Banner year for reunion tours

Fight disinformation: Sign up for the free Mother Jones Daily newsletter and follow the news that matters.


Reunion tours by popular rock bands are equal parts excitement and gloom. And 2007 is stacking up to be a riveting year rife with disappointment.

The gravitational pull of the chance to see one of your favorite bands — or one of an era’s most popular bands — one last time is powerful. You want to be a part of something big, privy to an historical moment that you can talk about for years. “I was there,” you’ll say. Or if you’re lucky, “And they rocked.”

But the mere premise of reuniting for one last hoorah is inherently nostalgic, and that makes the whole thing feel potentially sad and outdated, with a hint of camp. It brings into question the true meaning of rock music: is it here to inspire, destroy and give the middle finger to all things bland, or is it here simply to entertain and encapsulate past moments in our lives?

2007 could provide answers. This year’s list of bands reported to be reuniting for strings of live performances is substantial, and diverse. It includes The Police, Van Halen (recently canceled), Genesis, Sebadoh, Rage Against the Machine, Iggy and the Stooges, Smashing Pumpkins, Crowded House, and the UK band Squeeze.

Bloggers are keeping a running tally of who’s performing and who’s not, and trying to determine whether certain bands have sold out or not. Mojo’s Party Ben is all over Sonic Youth’s recently announced reunion tour, and another blogger is buzzing about the Meat Puppets plans to reunite.

Sell-outs or not, big-show ticket prices upwards of $200 will surely guarantee fat paychecks for many of the artists, who will soon leave their respective tours and go back to what they were doing before: Disney Tarzan soundtracks, 16th Century lute songs and primetime television for some; punk and indy music side projects, film soundtrack scores and political activism for others.

While band reunion season is in full swing, the opportunity is there to pick a favorite piece of music history and go rock out for a night. And chances are, you will get exactly what you’re looking for.

–Gary Moskowitz

WE CAME UP SHORT.

We just wrapped up a shorter-than-normal, urgent-as-ever fundraising drive and we came up about $45,000 short of our $300,000 goal.

That means we're going to have upwards of $350,000, maybe more, to raise in online donations between now and June 30, when our fiscal year ends and we have to get to break-even. And even though there's zero cushion to miss the mark, we won't be all that in your face about our fundraising again until June.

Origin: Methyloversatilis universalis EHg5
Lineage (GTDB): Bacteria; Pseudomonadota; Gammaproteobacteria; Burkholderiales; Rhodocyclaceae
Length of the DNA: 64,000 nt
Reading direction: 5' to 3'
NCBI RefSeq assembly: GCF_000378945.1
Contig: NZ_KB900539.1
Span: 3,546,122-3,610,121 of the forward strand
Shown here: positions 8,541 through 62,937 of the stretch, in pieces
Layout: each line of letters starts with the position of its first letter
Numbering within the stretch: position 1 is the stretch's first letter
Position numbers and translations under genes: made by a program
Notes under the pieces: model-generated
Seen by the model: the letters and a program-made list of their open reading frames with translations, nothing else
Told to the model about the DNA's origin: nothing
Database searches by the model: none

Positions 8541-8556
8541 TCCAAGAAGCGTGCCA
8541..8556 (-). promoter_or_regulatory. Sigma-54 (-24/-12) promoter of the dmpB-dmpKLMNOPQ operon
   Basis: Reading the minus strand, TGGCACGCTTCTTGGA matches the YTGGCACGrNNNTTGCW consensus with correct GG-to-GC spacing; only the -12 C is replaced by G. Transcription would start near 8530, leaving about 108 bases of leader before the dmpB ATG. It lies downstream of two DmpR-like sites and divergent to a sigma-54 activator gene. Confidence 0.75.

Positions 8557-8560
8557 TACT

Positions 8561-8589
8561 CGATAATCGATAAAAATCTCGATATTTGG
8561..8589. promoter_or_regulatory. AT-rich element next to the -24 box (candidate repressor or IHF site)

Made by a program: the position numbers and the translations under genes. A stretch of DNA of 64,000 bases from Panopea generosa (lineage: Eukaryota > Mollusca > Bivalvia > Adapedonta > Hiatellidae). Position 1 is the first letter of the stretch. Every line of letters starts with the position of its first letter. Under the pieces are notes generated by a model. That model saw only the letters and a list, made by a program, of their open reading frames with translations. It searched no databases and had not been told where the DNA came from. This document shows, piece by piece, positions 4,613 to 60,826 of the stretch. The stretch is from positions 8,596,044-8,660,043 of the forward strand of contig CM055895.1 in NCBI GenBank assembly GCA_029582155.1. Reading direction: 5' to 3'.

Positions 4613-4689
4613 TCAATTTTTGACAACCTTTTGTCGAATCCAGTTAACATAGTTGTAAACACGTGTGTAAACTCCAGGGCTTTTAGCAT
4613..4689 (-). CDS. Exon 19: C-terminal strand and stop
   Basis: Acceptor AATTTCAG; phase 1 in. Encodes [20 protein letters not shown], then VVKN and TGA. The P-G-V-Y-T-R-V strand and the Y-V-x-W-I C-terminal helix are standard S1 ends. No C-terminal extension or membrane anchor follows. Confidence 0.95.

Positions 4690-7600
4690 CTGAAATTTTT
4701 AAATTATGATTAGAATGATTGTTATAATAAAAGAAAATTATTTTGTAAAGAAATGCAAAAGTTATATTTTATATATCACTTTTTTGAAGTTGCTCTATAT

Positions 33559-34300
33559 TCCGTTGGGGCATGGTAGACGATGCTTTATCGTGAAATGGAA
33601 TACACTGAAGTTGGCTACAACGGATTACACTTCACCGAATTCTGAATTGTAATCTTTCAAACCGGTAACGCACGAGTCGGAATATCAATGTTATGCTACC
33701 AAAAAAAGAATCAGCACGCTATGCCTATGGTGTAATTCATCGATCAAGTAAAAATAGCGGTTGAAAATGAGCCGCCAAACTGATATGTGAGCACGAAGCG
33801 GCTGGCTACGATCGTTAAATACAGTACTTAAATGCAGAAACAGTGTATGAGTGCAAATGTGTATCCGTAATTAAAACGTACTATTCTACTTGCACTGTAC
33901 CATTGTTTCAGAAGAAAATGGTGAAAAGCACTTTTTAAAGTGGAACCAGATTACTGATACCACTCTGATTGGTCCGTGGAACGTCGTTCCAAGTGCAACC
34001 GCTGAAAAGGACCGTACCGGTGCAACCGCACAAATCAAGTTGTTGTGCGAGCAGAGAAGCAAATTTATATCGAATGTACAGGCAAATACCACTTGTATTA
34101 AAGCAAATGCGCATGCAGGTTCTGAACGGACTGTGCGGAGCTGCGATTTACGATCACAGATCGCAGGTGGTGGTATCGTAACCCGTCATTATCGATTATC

So we urgently need this specific ask, what you're reading right now, to start bringing in more donations than it ever has. The reality, for these next few months and next few years, is that we have to start finding ways to grow our online supporter base in a big way—and we're optimistic we can keep making real headway by being real with you about this.

Because the bottom line: Corporations and powerful people with deep pockets will never sustain the type of journalism Mother Jones exists to do. The only investors who won’t let independent, investigative journalism down are the people who actually care about its future—you.

And we hope you might consider pitching in before moving on to whatever it is you're about to do next. We really need to see if we'll be able to raise more with this real estate on a daily basis than we have been, so we're hoping to see a promising start.

payment methods

WE CAME UP SHORT.

We just wrapped up a shorter-than-normal, urgent-as-ever fundraising drive and we came up about $45,000 short of our $300,000 goal.

That means we're going to have upwards of $350,000, maybe more, to raise in online donations between now and June 30, when our fiscal year ends and we have to get to break-even. And even though there's zero cushion to miss the mark, we won't be all that in your face about our fundraising again until June.

So we urgently need this specific ask, what you're reading right now, to start bringing in more donations than it ever has. The reality, for these next few months and next few years, is that we have to start finding ways to grow our online supporter base in a big way—and we're optimistic we can keep making real headway by being real with you about this.

Because the bottom line: Corporations and powerful people with deep pockets will never sustain the type of journalism Mother Jones exists to do. The only investors who won’t let independent, investigative journalism down are the people who actually care about its future—you.

And we hope you might consider pitching in before moving on to whatever it is you're about to do next. We really need to see if we'll be able to raise more with this real estate on a daily basis than we have been, so we're hoping to see a promising start.

payment methods

We Recommend

Latest

Sign up for our free newsletter

Subscribe to the Mother Jones Daily to have our top stories delivered directly to your inbox.

Get our award-winning magazine

Save big on a full year of investigations, ideas, and insights.

Subscribe

Support our journalism

Help Mother Jones' reporters dig deep with a tax-deductible donation.

Donate